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Connected Culture
Madelaine Smith


Posted by Madelaine Smith on 15 November 2011

The other night I jumped on the 31 bus to one of my favourite venues, The Roundhouse in Camden to see 'Unprovoked' by Kathrine Smith. The play tells the harrowing story of the murder of the 15 year old daughter of Mary Foley at the hands of another young woman at a party in 2005. The story leads us through the events surrounding the death of 'Olivia' (Lala Semakula), through the trial of 'Chloe' (Daniella Lamattina), her killer, and chronicles how Foley came to find it in her heart to forgive her daughter's killer.

Featuring an all-female cast of young actors, the tale was simply staged by Directors, Angus Scott-Miller and Emily Momoh with minimal set, using only projected images as a backdrop. This story needs little embellishment as the emotional journey of Mary Foley through shock, grief, anger and finally reconciliation, a journey deftly handled by Lorna Gayle, is moving to say the least. It is especially inspiring to know that Foley has continued to work with The Forgiveness Project to tell her story in prisons and youth groups to prevent more unnecessary deaths of young people at the hands of their peers. The play serves as a realistic portrayal of the growing, but little reported on occurrence of girl-on-girl knife crime and reflects the messiness of urban teenage relationships, the nature of violence and the power of forgiveness.

Mary Foley, was present for the performance, the first time that she had seen the story played out in front of her. She sat dead centre in the front row and after the performance, despite being visibly moved by what she had seen, she took part in a Q & A session with the audience, supported by Marina Cantacuzino from The Forgiveness Project. What struck me was how this quite ordinary woman, caught in a quite extraordinary situation, responded in such a way that makes us all question, how strong we might have been, faced with such monumental trauma. Foley, however, is quite clear on the factors which led to forgiveness. She described becoming aware of changing, putting up barriers and retreating from her family and friends. She eventually found herself in a very dark place, full of bitterness and anger but it was at this point when she began to entertain the word 'forgiveness'. The more she reflected on what this word might really mean, the more she realised that actually, as she says 'forgiveness is not a weakness', but it is in fact, a way of taking charge of our lives and removing the power from those who have hurt us.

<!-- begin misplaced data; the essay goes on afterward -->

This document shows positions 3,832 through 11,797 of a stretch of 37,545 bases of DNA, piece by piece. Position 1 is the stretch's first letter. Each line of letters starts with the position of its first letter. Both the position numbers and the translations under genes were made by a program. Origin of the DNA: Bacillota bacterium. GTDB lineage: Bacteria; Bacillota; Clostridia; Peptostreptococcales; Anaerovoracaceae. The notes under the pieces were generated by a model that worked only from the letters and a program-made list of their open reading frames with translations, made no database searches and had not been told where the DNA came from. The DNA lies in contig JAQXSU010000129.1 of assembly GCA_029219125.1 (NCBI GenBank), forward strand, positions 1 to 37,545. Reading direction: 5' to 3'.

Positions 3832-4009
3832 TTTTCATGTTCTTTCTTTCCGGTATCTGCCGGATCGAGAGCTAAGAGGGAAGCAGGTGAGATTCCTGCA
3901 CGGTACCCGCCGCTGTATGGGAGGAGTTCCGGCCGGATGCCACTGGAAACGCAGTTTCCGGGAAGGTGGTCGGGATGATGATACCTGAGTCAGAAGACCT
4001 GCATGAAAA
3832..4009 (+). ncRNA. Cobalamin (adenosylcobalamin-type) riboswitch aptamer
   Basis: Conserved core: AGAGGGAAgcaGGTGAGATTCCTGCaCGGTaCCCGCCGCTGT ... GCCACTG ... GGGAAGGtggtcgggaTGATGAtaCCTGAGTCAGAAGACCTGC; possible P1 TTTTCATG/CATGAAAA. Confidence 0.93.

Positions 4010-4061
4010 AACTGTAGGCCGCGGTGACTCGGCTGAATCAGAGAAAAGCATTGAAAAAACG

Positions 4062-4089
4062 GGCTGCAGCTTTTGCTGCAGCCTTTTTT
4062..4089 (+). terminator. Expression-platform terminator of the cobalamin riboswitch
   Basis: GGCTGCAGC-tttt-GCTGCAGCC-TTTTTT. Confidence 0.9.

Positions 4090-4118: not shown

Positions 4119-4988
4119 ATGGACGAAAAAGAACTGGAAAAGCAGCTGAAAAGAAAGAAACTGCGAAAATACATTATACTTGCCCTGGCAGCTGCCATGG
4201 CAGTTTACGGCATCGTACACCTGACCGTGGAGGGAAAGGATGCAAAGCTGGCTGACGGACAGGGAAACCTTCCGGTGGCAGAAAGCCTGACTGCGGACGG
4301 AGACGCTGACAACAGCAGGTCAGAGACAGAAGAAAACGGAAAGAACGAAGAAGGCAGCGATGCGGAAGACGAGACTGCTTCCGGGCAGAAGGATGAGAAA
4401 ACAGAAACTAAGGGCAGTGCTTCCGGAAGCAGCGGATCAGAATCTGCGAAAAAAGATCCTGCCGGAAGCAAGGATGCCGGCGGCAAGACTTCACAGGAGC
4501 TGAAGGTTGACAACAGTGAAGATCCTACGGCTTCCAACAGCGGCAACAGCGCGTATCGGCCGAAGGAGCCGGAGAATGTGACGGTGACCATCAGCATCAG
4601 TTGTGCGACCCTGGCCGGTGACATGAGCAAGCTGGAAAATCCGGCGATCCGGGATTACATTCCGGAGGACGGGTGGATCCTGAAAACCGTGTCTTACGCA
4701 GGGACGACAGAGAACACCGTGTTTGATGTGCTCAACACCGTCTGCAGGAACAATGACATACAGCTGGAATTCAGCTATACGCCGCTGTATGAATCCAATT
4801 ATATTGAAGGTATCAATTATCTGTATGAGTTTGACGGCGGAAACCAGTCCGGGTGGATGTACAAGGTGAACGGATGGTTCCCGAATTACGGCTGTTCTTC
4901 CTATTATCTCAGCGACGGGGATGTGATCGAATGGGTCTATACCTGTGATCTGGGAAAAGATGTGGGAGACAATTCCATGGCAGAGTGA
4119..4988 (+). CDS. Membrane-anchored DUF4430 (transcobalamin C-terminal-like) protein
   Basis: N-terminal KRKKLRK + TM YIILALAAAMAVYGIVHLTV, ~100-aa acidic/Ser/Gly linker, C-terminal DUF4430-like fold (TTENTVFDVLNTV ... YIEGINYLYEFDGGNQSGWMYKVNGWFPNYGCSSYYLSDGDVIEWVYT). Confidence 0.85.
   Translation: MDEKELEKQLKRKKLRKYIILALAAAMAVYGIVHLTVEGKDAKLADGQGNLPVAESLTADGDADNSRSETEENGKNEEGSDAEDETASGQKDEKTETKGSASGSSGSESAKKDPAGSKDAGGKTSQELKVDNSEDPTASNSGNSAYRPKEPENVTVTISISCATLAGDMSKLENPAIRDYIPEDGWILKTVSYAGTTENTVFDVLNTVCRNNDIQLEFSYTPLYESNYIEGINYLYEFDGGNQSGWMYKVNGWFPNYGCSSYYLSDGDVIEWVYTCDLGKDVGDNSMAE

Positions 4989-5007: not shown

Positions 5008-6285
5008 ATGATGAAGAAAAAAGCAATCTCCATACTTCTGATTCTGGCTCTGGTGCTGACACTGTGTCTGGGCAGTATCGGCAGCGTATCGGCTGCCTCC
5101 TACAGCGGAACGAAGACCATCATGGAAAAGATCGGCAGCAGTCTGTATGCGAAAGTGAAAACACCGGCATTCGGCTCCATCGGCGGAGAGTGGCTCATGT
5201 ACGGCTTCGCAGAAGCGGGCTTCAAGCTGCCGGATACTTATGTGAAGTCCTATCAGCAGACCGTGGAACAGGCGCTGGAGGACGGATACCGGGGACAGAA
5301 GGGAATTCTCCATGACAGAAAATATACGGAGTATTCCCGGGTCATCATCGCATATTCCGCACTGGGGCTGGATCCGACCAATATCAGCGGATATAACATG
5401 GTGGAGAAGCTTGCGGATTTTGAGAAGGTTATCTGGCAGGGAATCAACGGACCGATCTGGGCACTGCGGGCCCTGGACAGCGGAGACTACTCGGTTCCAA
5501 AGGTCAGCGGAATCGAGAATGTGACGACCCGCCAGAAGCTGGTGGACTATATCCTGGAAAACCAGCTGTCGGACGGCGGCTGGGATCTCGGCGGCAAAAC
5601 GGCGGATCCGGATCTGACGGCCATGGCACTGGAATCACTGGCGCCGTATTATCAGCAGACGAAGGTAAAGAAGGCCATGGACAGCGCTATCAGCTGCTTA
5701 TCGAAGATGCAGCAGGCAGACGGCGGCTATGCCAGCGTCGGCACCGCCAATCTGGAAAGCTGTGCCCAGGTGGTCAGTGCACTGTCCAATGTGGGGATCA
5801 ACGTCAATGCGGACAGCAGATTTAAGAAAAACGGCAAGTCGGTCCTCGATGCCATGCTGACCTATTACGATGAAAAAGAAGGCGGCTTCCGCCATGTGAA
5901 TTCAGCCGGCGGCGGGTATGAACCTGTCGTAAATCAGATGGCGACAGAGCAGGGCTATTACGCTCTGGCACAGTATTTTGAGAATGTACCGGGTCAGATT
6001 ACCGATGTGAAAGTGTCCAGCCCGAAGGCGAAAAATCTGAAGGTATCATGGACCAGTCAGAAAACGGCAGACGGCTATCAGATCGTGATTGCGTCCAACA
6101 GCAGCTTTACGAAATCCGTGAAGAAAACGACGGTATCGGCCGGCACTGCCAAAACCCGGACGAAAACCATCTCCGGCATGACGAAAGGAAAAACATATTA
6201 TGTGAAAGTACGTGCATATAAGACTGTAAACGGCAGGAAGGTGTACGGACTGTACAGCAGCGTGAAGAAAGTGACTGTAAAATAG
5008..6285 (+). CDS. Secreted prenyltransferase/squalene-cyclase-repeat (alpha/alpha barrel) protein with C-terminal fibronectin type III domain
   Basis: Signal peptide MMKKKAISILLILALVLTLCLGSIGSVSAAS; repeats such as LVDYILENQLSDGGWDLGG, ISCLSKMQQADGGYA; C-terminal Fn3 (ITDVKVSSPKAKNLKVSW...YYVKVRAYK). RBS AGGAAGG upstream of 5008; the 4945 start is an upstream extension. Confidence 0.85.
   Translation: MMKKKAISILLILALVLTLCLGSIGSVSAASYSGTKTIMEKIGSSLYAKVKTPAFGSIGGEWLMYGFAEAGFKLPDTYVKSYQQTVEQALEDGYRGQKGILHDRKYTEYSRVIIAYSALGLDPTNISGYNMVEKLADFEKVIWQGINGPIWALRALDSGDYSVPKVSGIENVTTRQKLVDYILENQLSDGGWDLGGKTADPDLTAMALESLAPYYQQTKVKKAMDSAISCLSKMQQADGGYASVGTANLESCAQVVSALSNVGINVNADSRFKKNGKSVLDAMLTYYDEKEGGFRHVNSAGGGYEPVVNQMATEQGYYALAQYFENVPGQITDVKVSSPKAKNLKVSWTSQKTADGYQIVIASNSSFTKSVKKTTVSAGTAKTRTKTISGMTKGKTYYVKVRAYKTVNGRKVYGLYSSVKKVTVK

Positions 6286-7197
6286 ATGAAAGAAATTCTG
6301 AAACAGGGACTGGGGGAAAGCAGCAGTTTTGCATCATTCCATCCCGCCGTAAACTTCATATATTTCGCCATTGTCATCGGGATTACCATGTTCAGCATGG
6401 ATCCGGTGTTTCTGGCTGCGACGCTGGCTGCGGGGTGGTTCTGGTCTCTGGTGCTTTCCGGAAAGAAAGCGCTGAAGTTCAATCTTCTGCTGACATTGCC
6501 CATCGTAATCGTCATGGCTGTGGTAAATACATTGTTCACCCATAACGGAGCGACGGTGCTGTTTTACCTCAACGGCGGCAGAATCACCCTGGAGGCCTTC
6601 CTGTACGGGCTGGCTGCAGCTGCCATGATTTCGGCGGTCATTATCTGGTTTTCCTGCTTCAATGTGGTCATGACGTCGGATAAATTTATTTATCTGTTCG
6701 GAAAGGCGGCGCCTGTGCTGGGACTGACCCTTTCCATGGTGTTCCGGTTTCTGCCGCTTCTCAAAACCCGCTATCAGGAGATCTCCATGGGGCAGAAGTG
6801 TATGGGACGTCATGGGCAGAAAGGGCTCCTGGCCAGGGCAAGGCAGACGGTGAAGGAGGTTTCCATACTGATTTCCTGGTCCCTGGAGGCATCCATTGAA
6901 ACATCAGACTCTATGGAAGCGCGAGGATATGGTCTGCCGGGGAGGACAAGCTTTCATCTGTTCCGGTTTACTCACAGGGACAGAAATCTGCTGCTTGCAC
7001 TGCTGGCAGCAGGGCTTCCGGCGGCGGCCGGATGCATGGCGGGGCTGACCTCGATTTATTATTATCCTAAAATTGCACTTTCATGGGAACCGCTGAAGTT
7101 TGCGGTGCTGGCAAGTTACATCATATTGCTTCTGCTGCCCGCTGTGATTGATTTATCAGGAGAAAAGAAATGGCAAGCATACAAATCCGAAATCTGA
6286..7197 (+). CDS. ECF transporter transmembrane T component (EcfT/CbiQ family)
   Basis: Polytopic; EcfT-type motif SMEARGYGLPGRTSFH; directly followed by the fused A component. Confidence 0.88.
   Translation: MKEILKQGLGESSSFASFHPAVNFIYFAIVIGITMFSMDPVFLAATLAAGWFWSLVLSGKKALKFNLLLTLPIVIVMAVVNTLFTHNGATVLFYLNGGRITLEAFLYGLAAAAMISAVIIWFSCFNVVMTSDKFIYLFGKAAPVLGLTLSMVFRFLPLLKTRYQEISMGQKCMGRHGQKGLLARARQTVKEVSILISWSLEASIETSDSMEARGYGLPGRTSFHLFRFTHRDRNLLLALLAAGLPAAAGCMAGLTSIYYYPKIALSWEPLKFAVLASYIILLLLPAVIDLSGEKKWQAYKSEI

Another factor which was key in her path to reconciliation, was correspondence with her daughter's killer and beginning restorative processes. The more she began to find out about this young woman's childhood, one which had been filled with domestic violence and abuse, the more she was able to look beyond the pain and grief, to see the bigger picture and the humanity of her daughter's killer. As Foley says, this doesn't mean that it justifies the violence or that it negates the inherent injustice of this brutal and unprovoked attack on an innocent young woman. Quite the opposite, she sees it as 'an act of freedom' and her continuing educational work as a way of paying tribute to her daughter.

Inevitably, the subject of this summer's riots was raised in the Q & A and we can, I believe, learn much from Foley's experiences. She is adamant that communication and open-heartedness is the way forward. By taking the time to listen to what is going on in the lives of our young people and to genuinely try to understand them, we might begin to instill a sense of self-worth and self-respect. The celebration of their gifts and talents, rather than the 'monstering' of these disaffected young people, might just encourage them to in turn, celebrate their own gifts and talents and those of their peers. After all, as Foley herself speculated, after hearing about some of the troubled lives that these young people lead, could you honestly say you'd be any different in the same environment? It is perhaps easy to be dismissive and indignantly say "Of course I would!" but on the opposite side of the same coin, could you say you'd be able to forgive, like Mary Foley did? I'd like to think I would, but I suspect I'm not that brave.


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